Critical congenital heart defects (CCHD) are serious heart defects present from birth. These abnormalities result from problems with the formation of one or more parts of the heart during the early stages of embryonic development. CCHD can either prevent the heart from pumping blood effectively or reduce the amount of oxygen in the blood. As a consequence, organs and tissues throughout the body do not receive the oxygen they require, leading to organ damage and other life-threatening complications. Individuals with CCHD usually require surgery soon after birth.
Although babies with CCHD can present as healthy for the first few hours or days of life, the following signs and symptoms may soon become apparent:
Critical congenital heart defects which require intervention in the first few weeks of life occur in about two in 1000 live births and are a major cause of neonatal mortality and morbidity.([FOOTNOTE=Peterson C, Ailes E, Riehle-Colarusso T, Oster ME, Olney RS, Cassell CH, Fixler DE, Carmichael SL, Shaw GM, Gilboa SM. Late detection of critical congenital heart disease among US infants: estimation of the potential impact of proposed universal screening using pulse oximetry. JAMA Pediatrics. 2014 Apr 1;168(4):361-70.],[ANCHOR=],[LINK=]),([FOOTNOTE=Wren C, Reinhardt Z, Khawaja K. Twenty-year trends in diagnosis of life-threatening neonatal cardiovascular malformations. Arch Dis Child Fetal Neonatal Ed 2008;93:F33–F35],[ANCHOR=],[LINK=]),([FOOTNOTE=Chang RK, Gurvitz M, Rodriguez S. Missed diagnosis of critical congenital heart disease. Archives of pediatrics & adolescent medicine. 2008 Oct 6;162(10):969-74.],[ANCHOR=],[LINK=]) Modern day surgical and catheter interventions have led to excellent outcomes for most cases of CCHD, but timely detection is essential.3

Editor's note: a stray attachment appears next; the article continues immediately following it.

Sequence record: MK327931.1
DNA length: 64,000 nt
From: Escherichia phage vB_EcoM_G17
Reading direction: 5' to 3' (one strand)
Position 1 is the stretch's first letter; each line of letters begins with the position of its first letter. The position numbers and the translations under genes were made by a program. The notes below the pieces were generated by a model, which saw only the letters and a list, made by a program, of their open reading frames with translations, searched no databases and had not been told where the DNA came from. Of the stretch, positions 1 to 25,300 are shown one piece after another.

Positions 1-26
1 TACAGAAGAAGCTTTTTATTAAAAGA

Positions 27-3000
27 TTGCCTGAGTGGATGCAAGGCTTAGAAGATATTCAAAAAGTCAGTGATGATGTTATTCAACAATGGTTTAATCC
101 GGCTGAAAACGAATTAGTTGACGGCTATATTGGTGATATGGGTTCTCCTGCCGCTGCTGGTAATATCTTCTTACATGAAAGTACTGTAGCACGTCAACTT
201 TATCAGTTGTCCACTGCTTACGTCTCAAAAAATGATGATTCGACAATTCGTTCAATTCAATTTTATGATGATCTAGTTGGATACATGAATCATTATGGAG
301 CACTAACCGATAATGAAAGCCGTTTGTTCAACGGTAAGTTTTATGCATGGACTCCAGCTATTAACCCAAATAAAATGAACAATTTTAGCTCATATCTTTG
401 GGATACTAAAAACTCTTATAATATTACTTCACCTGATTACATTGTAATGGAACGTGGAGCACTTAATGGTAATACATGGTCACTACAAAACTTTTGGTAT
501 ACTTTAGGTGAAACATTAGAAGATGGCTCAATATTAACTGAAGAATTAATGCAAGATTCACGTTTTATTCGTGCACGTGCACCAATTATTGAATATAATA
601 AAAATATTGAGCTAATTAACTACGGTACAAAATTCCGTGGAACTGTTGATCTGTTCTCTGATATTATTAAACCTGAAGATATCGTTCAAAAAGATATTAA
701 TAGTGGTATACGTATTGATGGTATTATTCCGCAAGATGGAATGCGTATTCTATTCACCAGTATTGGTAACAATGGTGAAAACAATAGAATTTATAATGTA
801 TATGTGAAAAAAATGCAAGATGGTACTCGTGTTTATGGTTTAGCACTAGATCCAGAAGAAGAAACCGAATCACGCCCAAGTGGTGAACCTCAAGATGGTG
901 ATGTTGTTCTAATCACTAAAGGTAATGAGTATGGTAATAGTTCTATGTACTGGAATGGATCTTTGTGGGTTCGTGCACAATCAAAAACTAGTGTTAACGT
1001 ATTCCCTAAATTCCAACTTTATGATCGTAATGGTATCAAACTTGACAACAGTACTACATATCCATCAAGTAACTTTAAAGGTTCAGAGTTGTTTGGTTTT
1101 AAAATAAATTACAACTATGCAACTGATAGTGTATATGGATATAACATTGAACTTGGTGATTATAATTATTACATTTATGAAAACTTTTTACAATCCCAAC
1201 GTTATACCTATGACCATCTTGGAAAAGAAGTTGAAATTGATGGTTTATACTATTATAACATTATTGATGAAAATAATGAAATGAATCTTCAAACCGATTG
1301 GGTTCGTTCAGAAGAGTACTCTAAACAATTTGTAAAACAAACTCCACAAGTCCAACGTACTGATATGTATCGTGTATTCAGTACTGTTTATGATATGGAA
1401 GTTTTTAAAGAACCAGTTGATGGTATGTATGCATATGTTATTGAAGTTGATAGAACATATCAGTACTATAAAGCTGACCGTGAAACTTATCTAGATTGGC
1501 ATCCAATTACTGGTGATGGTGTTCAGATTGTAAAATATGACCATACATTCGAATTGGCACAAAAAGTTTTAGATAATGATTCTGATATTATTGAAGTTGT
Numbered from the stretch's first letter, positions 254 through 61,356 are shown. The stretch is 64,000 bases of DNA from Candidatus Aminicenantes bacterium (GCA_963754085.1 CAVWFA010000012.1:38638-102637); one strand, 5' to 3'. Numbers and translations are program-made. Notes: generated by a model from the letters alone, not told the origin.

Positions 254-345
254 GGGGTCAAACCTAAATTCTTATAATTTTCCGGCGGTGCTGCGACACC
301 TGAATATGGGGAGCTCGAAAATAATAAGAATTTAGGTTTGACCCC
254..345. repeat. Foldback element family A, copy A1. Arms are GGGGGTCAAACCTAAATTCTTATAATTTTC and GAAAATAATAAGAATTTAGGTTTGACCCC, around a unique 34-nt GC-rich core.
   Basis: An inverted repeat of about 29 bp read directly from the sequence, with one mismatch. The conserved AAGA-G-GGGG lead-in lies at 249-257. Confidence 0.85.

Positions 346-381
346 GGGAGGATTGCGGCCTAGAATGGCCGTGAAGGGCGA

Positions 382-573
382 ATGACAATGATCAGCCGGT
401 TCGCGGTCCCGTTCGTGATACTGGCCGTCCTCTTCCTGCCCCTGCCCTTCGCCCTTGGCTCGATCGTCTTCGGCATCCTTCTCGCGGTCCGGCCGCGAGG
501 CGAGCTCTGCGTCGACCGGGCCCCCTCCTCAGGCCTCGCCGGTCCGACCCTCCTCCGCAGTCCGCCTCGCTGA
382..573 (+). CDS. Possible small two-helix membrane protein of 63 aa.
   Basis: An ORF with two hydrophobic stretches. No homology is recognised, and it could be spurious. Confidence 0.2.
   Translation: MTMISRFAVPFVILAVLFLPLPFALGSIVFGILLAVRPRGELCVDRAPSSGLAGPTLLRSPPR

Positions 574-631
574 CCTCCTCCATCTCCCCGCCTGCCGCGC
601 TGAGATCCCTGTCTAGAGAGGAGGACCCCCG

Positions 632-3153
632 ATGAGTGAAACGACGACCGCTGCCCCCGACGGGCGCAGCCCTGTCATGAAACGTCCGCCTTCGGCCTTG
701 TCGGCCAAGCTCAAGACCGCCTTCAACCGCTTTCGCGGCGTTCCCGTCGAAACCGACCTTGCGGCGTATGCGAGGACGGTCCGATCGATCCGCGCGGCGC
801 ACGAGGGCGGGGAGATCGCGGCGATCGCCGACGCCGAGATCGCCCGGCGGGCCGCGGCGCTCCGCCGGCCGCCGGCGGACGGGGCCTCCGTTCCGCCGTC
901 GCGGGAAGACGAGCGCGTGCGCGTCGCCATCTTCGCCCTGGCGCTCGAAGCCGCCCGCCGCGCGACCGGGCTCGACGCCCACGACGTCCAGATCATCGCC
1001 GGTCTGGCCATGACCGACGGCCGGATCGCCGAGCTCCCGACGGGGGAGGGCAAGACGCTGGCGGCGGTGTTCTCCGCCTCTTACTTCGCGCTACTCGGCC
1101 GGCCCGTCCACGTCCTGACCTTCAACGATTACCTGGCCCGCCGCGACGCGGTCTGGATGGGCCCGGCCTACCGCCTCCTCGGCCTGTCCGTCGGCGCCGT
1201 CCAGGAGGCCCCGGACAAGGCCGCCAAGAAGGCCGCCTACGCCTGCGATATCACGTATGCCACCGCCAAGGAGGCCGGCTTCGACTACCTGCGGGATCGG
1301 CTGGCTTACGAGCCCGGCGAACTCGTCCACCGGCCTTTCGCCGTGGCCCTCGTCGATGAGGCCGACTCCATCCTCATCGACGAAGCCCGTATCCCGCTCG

Existing screening strategies for newborn babies, including antenatal ultrasound and postnatal examination, do not detect non-syndromic CCHD before discharge in up to one-third of cases.1,2,3 Many affected infants will either collapse or die before diagnosis.4,5,6